Multifactorial Intervention, Group Model, Behavioral + (Clemson, JAGS, 2004) Age 70+, fall in last yr or concern about falling 7 weekly classes + 1 home OT visit + 1 booster to improve self-efficacy, encourage behavioral change, reduce falls Focus on balance and strength exercises, improving home and community environmental and behavioral safety, encouraging vision screen and med review Included balance exercise as direct part of intervention 31% reduction in falls; RR = 0.69 (0.5 to 0.96 95% CI)
IMPLEMENTATION OF A FALL-RISK REDUCTION PROJECT FOR OLDER ADULT CONGREGATE HOUSING RESIDENTSN. B. Alexander1,2,3, D. Strasburg1, L. Nyquist2 , L. Blumberg4 1Mobility Research Center, Geriatrics Center, Division of Geriatric Medicine, Department of Internal Medicine; 2Institute of Gerontology; University of Michigan. 3VA Ann Arbor Health Care System GRECC. Ann Arbor, MI USA. 4Commission on Jewish Eldercare Services, Jewish Federation of Metropolitan Detroit, West Bloomfield MI, USA firstname.lastname@example.org Supported by the New Jewish Fund and the Jewish Federation of Metropolitan Detroit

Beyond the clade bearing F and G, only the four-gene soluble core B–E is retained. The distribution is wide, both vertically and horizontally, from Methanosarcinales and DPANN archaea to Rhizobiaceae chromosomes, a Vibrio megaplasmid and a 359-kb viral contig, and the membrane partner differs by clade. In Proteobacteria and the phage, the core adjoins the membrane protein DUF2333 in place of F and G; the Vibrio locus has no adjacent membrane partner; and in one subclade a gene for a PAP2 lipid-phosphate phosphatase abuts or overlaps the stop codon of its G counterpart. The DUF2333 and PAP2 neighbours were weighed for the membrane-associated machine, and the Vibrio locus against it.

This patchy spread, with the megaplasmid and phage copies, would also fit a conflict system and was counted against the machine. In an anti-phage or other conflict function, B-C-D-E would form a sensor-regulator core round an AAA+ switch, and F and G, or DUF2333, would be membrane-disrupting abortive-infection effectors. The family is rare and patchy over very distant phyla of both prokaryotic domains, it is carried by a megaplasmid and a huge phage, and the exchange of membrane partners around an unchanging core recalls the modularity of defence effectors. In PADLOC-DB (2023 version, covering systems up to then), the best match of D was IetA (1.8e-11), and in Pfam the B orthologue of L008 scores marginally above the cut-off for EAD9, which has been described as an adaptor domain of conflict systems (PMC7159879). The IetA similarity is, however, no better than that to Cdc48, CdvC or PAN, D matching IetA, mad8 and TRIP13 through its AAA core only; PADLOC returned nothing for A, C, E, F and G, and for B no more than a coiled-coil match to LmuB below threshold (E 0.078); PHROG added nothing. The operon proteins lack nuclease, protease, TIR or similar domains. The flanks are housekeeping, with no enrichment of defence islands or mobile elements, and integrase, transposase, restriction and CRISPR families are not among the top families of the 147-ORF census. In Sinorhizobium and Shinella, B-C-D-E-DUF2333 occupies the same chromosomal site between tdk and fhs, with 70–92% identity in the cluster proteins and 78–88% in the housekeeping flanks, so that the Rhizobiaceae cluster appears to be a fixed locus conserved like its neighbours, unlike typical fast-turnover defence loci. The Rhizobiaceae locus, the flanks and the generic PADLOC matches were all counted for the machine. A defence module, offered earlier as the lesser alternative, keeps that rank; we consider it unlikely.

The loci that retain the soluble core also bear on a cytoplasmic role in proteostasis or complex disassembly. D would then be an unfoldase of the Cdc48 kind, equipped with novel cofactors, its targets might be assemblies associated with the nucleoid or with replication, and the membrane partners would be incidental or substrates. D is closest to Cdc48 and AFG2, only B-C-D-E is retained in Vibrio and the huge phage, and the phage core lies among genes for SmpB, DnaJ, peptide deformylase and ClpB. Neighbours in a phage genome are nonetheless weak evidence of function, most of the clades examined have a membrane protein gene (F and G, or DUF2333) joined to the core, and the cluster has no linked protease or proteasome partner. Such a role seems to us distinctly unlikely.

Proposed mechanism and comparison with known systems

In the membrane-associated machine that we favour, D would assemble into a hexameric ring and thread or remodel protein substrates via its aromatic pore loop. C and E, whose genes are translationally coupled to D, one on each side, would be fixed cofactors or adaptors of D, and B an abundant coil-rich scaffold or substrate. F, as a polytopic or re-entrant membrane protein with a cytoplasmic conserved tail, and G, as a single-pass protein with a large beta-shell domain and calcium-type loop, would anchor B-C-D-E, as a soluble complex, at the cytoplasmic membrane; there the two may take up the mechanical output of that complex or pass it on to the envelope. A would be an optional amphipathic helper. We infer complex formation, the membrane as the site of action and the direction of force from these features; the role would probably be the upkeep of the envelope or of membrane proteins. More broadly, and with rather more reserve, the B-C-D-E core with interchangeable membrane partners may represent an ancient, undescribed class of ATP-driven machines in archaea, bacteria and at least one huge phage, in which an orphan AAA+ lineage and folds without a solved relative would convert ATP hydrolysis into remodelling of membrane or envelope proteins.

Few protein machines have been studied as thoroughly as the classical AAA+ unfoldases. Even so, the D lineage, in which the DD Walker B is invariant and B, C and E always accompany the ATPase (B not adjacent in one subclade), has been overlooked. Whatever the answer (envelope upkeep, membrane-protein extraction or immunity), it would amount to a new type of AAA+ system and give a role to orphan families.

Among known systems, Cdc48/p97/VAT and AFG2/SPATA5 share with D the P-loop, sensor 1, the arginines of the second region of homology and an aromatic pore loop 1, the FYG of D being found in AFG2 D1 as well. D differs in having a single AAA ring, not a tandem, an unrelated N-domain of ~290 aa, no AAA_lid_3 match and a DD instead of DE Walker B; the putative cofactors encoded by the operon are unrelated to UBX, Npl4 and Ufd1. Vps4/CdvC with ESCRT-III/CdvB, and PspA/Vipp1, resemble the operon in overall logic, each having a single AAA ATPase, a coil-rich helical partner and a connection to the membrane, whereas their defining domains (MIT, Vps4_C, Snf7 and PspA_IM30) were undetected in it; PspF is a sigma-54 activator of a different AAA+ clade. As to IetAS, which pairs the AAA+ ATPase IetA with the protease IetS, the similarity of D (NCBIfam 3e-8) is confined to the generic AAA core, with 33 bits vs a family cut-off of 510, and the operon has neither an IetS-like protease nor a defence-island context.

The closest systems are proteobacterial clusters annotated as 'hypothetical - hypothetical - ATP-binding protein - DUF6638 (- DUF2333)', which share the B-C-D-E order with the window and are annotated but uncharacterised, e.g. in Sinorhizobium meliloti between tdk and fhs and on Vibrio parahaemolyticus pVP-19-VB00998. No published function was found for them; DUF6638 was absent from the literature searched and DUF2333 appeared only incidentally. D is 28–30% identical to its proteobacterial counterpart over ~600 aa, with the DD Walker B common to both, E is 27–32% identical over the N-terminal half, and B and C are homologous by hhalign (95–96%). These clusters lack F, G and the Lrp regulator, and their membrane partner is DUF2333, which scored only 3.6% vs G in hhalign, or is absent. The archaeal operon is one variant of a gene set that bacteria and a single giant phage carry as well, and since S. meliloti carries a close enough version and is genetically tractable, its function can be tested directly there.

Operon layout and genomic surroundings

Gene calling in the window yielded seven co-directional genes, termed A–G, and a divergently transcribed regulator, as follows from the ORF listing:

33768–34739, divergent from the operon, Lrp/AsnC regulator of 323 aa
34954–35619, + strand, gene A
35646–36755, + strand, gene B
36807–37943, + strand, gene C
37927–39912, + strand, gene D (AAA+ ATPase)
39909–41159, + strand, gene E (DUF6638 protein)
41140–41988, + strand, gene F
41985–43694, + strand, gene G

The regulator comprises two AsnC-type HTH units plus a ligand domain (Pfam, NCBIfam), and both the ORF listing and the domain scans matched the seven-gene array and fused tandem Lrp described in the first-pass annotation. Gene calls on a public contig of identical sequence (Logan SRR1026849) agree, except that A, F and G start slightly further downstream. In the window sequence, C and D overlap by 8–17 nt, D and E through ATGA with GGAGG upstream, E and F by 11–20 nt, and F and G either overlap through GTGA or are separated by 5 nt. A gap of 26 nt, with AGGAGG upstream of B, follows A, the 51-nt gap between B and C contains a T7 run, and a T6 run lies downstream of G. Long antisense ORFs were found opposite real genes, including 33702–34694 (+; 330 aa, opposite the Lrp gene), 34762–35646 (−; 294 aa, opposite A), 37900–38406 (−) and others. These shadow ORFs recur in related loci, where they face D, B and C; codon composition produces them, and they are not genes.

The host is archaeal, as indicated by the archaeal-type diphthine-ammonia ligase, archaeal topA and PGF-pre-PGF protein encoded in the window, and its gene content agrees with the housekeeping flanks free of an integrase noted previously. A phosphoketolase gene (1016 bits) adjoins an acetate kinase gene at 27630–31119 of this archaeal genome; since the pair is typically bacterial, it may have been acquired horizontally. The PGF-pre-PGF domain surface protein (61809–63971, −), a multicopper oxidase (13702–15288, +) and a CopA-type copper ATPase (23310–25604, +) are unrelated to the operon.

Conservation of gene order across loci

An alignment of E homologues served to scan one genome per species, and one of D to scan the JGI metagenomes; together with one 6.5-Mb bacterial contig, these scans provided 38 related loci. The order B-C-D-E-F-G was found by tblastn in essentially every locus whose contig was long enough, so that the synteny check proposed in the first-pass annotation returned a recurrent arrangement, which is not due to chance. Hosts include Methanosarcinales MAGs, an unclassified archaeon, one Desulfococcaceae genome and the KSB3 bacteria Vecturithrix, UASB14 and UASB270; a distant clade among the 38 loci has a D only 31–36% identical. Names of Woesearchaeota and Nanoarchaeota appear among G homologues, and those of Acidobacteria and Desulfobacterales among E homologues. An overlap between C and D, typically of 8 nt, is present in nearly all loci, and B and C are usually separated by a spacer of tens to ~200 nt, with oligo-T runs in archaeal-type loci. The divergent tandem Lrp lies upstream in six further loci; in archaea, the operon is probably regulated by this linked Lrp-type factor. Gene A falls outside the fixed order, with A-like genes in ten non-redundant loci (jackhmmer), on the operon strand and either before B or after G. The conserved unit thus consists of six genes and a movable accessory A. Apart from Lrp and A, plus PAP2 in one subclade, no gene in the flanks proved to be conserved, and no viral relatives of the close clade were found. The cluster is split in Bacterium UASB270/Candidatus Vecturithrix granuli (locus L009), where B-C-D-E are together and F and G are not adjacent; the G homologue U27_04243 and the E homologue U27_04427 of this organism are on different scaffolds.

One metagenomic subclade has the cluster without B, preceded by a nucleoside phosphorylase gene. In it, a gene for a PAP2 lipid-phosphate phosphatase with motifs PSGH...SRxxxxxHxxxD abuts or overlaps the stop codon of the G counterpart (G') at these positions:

Overview of program • Purpose • Reduce fall risk in community-dwelling older adults through increased understanding of personal risk factors and targeted risk factor remediation • Objectives • Recognize fall risk factors, interaction • Optimize health • Increase physical activity • Enhance safe daily mobility • Increase personal control and self-efficacy • Develop personal action plan
Module 6: Moving Mindfully Concern with falls restricts activity Using balance confidence scale identifies specific activity that is restricted (e.g. ADL, social activity outside home) 0%REDYELLOWGREEN 100% Likely to(Main focus) Very unlikely to lose balancelose balance <40%= RED light; 40-80%= YELLOW; >80%= GREEN light